Aftercare - by Dan Liebman

Two industry announcements separated by only a day were related in a way—the Safety and Integrity Alliance initiative put forth by the National Thoroughbred Racing Association, and the annual Report of Mares Bred issued by The Jockey Club.

Alex Waldrop, CEO of the NTRA, noted five areas Oct. 15 that were targeted for health and safety reform, among them what his organization called the “implementation of placement programs for Thoroughbreds that can no longer compete.”

In its release Oct. 16, The Jockey Club, the breed’s official registry, noted the number of mares covered by stallions in North America in 2008 experienced a 7.7% decline.

They may not seem connected, but they are.

The health and safety reforms seemingly all relate to the racetrack, such as implementing uniform medication rules and regulations. But finding homes for horses that can no longer race extends well beyond the racetrack.

Which in turn relates to the Report of Mares Bred, because logic says fewer mares bred means fewer foals, which, in the end, means fewer unwanted horses.

Granted, Thoroughbreds that can no longer compete do not necessarily translate to Thoroughbreds that are unwanted. Certainly many, if not most, breeders, owners, and trainers care for their horses throughout their lives. We were reminded of this the previous week when Princess Rooney and Cozzene, both 28, were humanely euthanized after happy and productive lives both on and off the racetrack, by owners who refused to let them suffer needlessly.

But even those who conscientiously care for their horses often lose track of animals purchased privately, lost through the claiming box, or sold at public auction.

Interestingly, in September, Waldrop submitted a letter to the House Judiciary Committee taking “no position” on House Resolution 6598, which would ban the transportation of horses for slaughter. Though the last slaughterhouses in the United States were closed in 2007, thousands of horses of all breeds are still packed on trailers and transported to our border neighbors, Canada and Mexico.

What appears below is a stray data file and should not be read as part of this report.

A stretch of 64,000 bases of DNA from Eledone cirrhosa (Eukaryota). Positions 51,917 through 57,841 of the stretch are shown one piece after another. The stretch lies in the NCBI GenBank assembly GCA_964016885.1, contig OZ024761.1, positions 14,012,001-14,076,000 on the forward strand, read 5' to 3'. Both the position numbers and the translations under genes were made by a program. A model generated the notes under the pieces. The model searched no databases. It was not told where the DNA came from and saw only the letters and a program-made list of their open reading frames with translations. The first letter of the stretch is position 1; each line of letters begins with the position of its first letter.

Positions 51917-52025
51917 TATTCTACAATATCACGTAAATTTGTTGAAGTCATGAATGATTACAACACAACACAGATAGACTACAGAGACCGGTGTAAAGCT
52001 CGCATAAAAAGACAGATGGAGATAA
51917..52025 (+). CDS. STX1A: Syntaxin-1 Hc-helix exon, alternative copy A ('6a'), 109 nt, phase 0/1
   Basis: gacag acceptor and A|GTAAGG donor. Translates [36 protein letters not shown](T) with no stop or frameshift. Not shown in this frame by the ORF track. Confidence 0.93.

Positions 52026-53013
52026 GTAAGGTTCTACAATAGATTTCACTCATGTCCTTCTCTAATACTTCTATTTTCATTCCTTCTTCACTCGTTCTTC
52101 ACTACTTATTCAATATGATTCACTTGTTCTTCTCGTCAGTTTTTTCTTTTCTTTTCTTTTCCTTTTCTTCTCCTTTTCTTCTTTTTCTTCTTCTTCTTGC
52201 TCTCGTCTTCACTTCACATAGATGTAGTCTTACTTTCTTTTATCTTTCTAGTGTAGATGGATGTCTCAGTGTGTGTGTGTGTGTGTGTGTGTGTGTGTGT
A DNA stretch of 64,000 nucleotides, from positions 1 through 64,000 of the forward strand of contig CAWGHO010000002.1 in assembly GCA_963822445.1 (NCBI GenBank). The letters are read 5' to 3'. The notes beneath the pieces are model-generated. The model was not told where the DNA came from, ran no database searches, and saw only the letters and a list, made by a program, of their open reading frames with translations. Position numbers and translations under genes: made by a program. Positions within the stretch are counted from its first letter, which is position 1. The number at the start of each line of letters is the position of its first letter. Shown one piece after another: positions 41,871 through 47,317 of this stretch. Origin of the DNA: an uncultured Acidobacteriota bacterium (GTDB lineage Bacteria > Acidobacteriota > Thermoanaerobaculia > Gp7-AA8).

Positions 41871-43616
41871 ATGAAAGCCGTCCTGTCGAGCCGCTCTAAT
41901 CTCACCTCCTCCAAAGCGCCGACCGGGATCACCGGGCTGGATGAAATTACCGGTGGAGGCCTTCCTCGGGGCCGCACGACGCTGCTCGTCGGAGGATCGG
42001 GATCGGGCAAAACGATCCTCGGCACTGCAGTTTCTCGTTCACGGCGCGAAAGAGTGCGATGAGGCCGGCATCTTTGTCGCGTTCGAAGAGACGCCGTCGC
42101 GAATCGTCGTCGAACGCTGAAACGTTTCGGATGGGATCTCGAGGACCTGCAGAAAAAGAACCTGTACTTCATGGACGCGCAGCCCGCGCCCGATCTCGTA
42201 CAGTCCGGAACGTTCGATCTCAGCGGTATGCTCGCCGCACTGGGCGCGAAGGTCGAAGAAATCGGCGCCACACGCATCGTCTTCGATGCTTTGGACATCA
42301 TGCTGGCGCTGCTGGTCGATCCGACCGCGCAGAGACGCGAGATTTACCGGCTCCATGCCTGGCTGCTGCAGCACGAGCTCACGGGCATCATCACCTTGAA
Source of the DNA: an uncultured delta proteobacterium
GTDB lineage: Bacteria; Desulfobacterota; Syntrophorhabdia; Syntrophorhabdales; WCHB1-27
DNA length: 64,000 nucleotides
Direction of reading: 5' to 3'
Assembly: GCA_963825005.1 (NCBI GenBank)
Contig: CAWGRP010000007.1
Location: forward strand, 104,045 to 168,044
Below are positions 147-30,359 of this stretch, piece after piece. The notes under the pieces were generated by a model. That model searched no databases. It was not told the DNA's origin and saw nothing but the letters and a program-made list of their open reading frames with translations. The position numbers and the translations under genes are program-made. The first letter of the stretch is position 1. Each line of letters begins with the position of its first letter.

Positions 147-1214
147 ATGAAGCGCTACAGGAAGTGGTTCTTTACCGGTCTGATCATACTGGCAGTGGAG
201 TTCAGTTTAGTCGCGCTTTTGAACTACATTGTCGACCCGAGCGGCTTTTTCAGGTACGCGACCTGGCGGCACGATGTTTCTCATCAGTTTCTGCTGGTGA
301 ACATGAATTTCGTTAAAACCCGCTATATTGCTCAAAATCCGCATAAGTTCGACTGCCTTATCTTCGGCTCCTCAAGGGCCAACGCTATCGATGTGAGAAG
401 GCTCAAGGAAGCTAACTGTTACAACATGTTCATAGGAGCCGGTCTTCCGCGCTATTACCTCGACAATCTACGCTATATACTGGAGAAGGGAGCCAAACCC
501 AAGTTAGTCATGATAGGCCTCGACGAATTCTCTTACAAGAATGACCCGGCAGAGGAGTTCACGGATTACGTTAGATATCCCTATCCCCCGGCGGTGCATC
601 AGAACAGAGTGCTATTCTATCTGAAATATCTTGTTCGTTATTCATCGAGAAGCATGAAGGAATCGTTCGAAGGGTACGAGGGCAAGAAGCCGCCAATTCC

The American Horse Slaughter Prevention Act was originally introduced in 2003 as HR 857. That measure never got out of committee, but in 2006 a similar resolution did, passing the House before languishing in a Senate committee.

The latest resolution is backed by many in the Thoroughbred industry, the charge led by Pin Oak Stud owner Josephine Abercrombie.

Breeders and owners, admittedly, are partially responsible for the growth in the number of unwanted horses. As the market for horses became considerably more commercial in nature, stallion books grew and breeders were more willing to take a chance with many marginal mares. As such, the number of horses needing homes following their racing careers—certainly not forgetting those who never make a start on a racetrack—has also risen.

Now, as we approach the largest catalog ever for a Keeneland November sale, there is a growing concern about those hips that will fail to get a live bid and/or find a new home. There is some hope that shoppers looking for event and sport horses, or perhaps mares to breed to Quarter Horse stallions, will see an opportunity.

Among the primary functions of the NTRA are the marketing and promotion of the sport, and lobbying efforts on its behalf in our nation’s capital. So, it is encouraging that among the five major areas of concern addressed by the NTRA in its new reforms is the acknowledgment that we need “placement programs for Thoroughbreds that can no longer compete.”

The NTRA’s new initiative is designed to address the health and safety of the horse. Surely, opposing the transportation of horses for slaughter is good for the health and safety of horses.

Applaud the NTRA for its leadership in regard to the reforms, which will bring needed change to the entire industry. At the same time, insist it step up to the plate against anything related to the slaughter of horses.

Recent Posts

More Blogs